Chris Jay, associate director of Morgan McKinley’s financial services division, Singapore, explains why product controllers are so in demand and why candidates from other countries should apply for jobs in Singapore.
All the major financial institutions in Singapore are once again hiring experienced product controllers, with volumes back to pre-crisis levels at some banks. Most large European and American investment banks currently have around 20 to 30 vacancies in this specialist accounting area at any one time.
Post GFC, the standard of technical knowledge that banks are now seeking in their new recruits is very high. And today’s product controllers must also be strong communicators in order to challenge the front office.
The control role is changing
The job of a product controller is evolving, with the emphasis currently on regulatory and policy knowledge, as well as keeping up with technical aspects of new and complex products.
In particular, product controllers with experience of exotic derivatives, or specialist commodities in lesser-traded products like green energy, are highly valued. Product controllers are also extending their remit to cover additional analytical work including price testing, valuations and risk analysis.
An empty talent tank
A shortage of supply of quality product controllers in Singapore means that most candidates can be highly selective in choosing their next role. Since the global downturn, some professionals have realised that “the grass is not always greener on the other side” and they are therefore thinking more medium to long term about their careers.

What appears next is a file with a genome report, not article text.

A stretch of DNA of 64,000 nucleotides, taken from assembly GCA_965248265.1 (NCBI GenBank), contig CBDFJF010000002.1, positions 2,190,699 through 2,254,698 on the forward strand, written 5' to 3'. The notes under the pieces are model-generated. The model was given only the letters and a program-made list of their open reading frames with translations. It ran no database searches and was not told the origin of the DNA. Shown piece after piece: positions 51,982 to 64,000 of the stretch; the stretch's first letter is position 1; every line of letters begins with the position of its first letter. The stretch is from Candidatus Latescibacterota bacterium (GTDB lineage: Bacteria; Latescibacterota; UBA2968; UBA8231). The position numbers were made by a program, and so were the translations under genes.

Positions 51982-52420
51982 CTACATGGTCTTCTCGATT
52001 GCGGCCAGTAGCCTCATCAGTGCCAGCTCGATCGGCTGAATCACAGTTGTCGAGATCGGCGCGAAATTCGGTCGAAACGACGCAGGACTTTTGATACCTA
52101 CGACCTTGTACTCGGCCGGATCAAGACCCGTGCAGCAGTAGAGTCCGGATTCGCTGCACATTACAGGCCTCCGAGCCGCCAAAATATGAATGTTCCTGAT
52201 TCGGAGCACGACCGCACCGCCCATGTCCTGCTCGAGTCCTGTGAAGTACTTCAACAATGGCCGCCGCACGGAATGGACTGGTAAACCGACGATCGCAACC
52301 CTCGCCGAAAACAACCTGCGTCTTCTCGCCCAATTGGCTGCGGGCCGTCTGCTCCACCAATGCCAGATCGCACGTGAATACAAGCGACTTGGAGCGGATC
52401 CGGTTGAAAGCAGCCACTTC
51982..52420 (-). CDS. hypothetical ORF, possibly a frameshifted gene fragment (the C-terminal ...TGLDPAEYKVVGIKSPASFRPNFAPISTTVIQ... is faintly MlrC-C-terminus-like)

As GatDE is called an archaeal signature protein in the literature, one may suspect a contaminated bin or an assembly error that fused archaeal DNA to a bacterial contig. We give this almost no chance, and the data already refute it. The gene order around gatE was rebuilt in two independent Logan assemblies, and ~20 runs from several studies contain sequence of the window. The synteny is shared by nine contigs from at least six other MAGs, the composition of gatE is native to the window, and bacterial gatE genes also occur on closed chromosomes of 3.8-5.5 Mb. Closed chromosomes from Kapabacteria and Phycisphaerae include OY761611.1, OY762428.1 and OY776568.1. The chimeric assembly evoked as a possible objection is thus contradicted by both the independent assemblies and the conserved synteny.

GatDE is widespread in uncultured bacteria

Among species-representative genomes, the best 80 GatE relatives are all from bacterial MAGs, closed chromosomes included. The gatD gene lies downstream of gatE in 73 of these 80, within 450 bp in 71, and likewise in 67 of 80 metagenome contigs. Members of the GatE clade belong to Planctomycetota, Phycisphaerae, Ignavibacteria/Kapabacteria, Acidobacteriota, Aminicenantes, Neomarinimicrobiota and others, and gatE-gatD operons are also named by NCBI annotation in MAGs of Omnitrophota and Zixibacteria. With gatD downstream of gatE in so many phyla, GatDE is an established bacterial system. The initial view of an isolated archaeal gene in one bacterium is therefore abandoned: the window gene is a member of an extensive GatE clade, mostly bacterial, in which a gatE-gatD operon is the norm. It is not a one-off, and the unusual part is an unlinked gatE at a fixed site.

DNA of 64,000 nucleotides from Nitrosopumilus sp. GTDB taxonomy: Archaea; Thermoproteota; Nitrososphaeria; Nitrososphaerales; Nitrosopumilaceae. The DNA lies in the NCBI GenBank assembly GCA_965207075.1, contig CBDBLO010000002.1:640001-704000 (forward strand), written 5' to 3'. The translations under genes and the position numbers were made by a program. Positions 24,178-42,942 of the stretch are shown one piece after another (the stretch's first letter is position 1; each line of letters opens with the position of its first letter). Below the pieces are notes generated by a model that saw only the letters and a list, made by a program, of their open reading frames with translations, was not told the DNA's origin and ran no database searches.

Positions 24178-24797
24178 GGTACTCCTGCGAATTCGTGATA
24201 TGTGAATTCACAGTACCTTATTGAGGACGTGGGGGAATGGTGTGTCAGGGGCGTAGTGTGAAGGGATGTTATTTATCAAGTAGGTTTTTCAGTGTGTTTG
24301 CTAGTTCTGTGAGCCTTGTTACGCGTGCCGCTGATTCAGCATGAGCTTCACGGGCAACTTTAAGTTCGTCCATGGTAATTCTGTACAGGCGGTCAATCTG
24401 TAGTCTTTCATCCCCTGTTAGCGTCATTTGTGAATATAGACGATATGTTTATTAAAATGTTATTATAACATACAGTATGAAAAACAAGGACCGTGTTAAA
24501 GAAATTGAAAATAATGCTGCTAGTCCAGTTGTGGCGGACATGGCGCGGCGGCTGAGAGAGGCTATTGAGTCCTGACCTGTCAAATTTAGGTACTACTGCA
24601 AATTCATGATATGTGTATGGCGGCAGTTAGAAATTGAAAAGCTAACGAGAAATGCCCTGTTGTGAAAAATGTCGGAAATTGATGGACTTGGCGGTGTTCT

Having said that, banks which didn’t look after their staff during the downturn are finding that individuals are now moving on, as the job market has opened up. Counter offers have become prominent, but often it is too little too late for many disgruntled product controllers.
Given the level of demand, banks are looking at multiple ways of filling product control roles. These include: increasing basic salaries where appropriate during the bonus period; searching outside Singapore or even outside Asia; moving staff internally from other functions or other product control asset classes; as well as introducing graduate and other training schemes in order to “grow their own”.
Many investment banks have hired individuals from less traditional markets such as Manila and Mumbai as well as from mature hubs like London and New York, targeting individuals who seek lower taxes, a new challenge and a different environment.
The Middle East also offers another pool of experienced product control candidates for the Singapore market. Similarly, candidates from the main Asia Pacific financial centres of Hong Kong, Tokyo and Sydney are also heavily sought after because of their experience in Asia and the popularity of inter-regional moves.
The job mobility programmes within product control, which all banks have been practicing since the credit crisis and the mass redundancies that ensued, are continuing to train and retain good employees. Those who possess an accounting qualification and perhaps have worked in a different product control asset class (or even in financial control) and have experience in analysing accounting numbers, are potential candidates to move into the infrastructure space and be trained into roles.
In conclusion, demand in this area significantly outweighs supply at present and banks are having to plan well, be innovative, look outside the local market and have an open mind in order to achieve the product control headcount growth they need.
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